The effect of surgeon’s preference for hybrid or cemented fixation on the long-term survivorship of total knee replacementChristopher J Vertullo, Stephen E Graves, Yi Peng & Peter L Lewis
Background and purpose — Recent direct comparative reports suggest that hybrid fixation may have a similar or superior outcome to cemented fixation in total knee replacement (TKR); however, a paucity of long-term data exists. To minimize the confounders of a direct comparison, we performed an instrumental variable analysis examining the revision rate of 2 cohorts of patients based on their surgeon’s preference for cemented or hybrid fixation.
Methods — Registry data were obtained from 1999 until 2015 for 2 cohorts of patients who received minimally stabilized TKR, defined as those treated by high-volume hybrid fixation preferring surgeons, designated routinely hybrid (RH), and those treated by high-volume cemented fixation preferring surgeons, designated routinely cemented (RC).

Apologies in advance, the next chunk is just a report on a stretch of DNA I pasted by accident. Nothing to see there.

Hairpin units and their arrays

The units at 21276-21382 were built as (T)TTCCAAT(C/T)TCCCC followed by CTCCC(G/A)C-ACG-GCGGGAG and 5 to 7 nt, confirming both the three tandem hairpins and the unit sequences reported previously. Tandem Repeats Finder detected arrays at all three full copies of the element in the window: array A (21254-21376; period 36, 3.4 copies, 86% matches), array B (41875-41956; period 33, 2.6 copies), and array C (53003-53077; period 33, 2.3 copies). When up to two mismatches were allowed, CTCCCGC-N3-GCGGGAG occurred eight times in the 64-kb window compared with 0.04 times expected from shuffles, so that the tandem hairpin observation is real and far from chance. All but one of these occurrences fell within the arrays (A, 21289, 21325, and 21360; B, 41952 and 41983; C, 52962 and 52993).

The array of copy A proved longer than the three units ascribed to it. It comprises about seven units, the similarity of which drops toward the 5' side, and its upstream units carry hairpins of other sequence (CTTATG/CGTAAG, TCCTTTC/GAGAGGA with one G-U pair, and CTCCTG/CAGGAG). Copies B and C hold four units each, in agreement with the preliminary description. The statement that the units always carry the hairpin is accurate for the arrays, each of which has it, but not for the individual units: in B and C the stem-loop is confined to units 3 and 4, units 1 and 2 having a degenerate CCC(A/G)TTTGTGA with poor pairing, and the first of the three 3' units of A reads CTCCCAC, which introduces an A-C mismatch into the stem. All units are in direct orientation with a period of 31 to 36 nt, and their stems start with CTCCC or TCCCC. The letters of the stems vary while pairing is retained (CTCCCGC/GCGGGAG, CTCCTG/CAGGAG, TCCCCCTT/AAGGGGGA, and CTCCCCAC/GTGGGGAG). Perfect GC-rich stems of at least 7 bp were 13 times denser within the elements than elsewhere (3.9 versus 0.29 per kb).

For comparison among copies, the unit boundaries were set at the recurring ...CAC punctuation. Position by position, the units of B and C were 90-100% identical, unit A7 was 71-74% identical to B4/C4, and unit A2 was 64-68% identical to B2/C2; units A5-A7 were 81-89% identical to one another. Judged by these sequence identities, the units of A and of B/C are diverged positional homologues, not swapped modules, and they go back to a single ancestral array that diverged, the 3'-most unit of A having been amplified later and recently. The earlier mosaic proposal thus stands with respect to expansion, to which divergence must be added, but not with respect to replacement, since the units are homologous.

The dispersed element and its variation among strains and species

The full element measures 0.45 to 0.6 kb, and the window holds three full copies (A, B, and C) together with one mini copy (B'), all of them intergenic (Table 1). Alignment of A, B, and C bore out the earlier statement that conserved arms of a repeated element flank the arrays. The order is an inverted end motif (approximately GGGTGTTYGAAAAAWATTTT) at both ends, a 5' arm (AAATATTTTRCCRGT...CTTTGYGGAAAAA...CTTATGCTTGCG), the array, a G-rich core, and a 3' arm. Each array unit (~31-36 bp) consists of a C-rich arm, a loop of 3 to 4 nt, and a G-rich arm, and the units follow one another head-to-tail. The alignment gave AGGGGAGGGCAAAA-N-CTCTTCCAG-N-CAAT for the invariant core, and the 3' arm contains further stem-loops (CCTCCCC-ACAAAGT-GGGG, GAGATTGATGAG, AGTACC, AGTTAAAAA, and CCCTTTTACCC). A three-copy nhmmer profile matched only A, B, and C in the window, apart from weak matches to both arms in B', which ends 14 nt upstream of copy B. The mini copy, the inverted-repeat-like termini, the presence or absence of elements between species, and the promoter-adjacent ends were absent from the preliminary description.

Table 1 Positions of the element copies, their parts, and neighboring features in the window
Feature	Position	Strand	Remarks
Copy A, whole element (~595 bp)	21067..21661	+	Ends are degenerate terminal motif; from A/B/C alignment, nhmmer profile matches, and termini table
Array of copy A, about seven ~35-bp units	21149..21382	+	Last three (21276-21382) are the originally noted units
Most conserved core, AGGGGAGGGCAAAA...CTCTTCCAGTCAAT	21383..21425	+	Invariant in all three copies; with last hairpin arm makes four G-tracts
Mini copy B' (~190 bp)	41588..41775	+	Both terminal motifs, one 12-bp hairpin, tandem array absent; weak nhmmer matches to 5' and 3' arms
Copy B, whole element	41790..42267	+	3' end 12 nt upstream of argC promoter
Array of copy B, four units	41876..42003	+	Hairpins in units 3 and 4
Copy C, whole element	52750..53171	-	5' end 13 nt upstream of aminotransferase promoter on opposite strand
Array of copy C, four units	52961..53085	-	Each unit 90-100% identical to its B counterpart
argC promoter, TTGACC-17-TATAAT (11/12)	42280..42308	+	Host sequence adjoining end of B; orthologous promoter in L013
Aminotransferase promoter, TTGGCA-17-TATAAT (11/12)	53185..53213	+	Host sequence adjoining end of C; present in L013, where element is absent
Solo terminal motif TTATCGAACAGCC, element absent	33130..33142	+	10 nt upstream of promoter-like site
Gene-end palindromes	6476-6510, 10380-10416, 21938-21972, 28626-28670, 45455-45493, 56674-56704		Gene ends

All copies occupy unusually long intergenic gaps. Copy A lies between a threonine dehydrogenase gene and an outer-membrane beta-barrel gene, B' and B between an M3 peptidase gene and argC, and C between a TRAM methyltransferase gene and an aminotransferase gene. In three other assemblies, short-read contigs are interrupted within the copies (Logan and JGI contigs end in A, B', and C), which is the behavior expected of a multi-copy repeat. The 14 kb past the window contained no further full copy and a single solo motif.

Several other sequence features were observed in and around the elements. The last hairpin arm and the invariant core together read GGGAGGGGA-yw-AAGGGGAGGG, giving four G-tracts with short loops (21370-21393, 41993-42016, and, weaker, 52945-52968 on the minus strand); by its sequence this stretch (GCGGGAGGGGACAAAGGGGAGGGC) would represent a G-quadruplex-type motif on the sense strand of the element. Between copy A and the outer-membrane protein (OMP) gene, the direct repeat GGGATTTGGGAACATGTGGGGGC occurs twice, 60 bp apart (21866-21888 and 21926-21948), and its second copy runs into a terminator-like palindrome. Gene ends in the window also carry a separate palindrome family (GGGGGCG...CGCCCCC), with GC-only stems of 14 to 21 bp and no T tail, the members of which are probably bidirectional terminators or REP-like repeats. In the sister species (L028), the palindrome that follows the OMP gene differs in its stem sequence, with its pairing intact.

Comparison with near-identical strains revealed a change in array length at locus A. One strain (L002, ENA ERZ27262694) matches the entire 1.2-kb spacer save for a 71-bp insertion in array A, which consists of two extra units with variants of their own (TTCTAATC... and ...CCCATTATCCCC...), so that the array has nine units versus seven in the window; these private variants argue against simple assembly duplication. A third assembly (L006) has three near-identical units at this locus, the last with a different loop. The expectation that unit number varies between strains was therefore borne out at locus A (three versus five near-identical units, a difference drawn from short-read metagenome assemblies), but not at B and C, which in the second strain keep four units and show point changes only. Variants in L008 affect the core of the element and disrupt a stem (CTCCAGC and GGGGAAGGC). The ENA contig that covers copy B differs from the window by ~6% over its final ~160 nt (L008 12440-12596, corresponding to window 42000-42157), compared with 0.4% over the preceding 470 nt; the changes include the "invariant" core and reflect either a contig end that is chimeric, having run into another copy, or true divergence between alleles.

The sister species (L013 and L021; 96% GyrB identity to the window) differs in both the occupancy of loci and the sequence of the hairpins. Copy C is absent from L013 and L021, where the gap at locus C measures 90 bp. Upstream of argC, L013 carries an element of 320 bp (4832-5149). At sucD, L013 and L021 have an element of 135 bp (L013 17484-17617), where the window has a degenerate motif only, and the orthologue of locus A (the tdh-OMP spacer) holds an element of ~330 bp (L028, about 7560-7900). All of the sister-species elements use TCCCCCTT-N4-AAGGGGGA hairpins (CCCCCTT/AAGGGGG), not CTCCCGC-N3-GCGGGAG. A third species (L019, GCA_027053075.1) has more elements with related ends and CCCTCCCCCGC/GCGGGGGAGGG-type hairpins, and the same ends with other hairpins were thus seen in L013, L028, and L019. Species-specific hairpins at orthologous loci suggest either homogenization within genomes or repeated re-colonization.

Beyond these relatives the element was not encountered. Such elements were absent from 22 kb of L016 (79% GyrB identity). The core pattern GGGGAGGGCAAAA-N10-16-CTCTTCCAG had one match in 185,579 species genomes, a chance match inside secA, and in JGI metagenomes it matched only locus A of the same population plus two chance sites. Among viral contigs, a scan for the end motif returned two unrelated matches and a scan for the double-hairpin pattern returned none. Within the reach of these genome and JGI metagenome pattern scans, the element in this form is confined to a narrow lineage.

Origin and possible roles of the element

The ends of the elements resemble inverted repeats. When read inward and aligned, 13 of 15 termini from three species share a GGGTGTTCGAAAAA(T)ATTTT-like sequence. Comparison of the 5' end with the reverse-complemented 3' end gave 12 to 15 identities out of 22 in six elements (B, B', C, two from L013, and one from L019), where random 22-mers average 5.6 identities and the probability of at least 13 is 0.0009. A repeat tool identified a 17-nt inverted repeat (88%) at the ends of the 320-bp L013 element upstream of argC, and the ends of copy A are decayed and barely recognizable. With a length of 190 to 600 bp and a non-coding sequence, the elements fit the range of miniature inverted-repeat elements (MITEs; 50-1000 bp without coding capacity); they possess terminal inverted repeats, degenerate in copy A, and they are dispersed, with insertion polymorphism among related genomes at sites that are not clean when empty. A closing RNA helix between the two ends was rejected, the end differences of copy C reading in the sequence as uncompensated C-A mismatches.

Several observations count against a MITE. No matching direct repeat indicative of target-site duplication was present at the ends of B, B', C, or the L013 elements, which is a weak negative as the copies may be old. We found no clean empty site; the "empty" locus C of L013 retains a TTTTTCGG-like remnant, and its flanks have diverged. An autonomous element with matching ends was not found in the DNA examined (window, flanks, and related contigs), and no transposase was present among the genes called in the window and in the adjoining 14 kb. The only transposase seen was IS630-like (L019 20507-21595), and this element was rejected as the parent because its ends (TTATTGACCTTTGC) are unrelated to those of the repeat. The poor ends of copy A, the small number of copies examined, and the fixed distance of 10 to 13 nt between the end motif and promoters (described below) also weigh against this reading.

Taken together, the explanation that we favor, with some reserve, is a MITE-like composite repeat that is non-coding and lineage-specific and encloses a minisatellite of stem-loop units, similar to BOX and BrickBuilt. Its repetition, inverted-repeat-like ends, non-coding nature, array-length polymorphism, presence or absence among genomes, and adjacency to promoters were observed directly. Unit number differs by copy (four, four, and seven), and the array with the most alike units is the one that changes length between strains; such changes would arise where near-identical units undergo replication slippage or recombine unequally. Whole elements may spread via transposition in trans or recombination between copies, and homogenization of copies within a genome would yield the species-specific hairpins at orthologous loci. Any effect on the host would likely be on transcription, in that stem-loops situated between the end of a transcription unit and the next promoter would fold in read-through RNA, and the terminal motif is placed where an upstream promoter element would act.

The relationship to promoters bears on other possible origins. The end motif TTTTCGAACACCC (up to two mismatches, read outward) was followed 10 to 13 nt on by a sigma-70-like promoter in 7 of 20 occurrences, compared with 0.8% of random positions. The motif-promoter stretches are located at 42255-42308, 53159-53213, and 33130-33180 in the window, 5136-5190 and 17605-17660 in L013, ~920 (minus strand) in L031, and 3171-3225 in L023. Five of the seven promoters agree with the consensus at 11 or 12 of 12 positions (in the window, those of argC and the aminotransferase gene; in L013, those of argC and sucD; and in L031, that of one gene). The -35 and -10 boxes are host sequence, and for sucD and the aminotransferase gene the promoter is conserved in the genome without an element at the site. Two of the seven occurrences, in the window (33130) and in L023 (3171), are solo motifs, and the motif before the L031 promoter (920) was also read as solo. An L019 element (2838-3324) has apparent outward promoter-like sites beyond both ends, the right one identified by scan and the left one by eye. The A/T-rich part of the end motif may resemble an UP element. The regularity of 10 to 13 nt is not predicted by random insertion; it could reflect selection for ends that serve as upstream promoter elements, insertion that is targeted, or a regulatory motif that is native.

Results — At 13 years, the cumulative percentage revision of the RC cohort was 4.8% (CI 4.1–5.7) compared with 5.5% (CI 3.5–8.7) for the RH cohort. The revision risk for each cohort was the same for all causes (HR =1.0 (CI (0.84–1.20)), non-infective causes, and for infection. This finding was irrespective of patient age or sex, patella resurfacing, and with non-cross-linked polyethylene (NXLPE). The RH cohort who received cross-linked polyethylene (XLPE) had a lower revision risk than the RC cohort with XLPE (HR =0.57 (0.37–0.88), p = 0.01).
Interpretation — The risk of revision for the patients of surgeons who prefer cemented fixation in minimally stabilized TKR is the same as for the patients of surgeons who prefer hybrid fixation, except when used with XLPE, where hybrid fixation has a lower revision risk.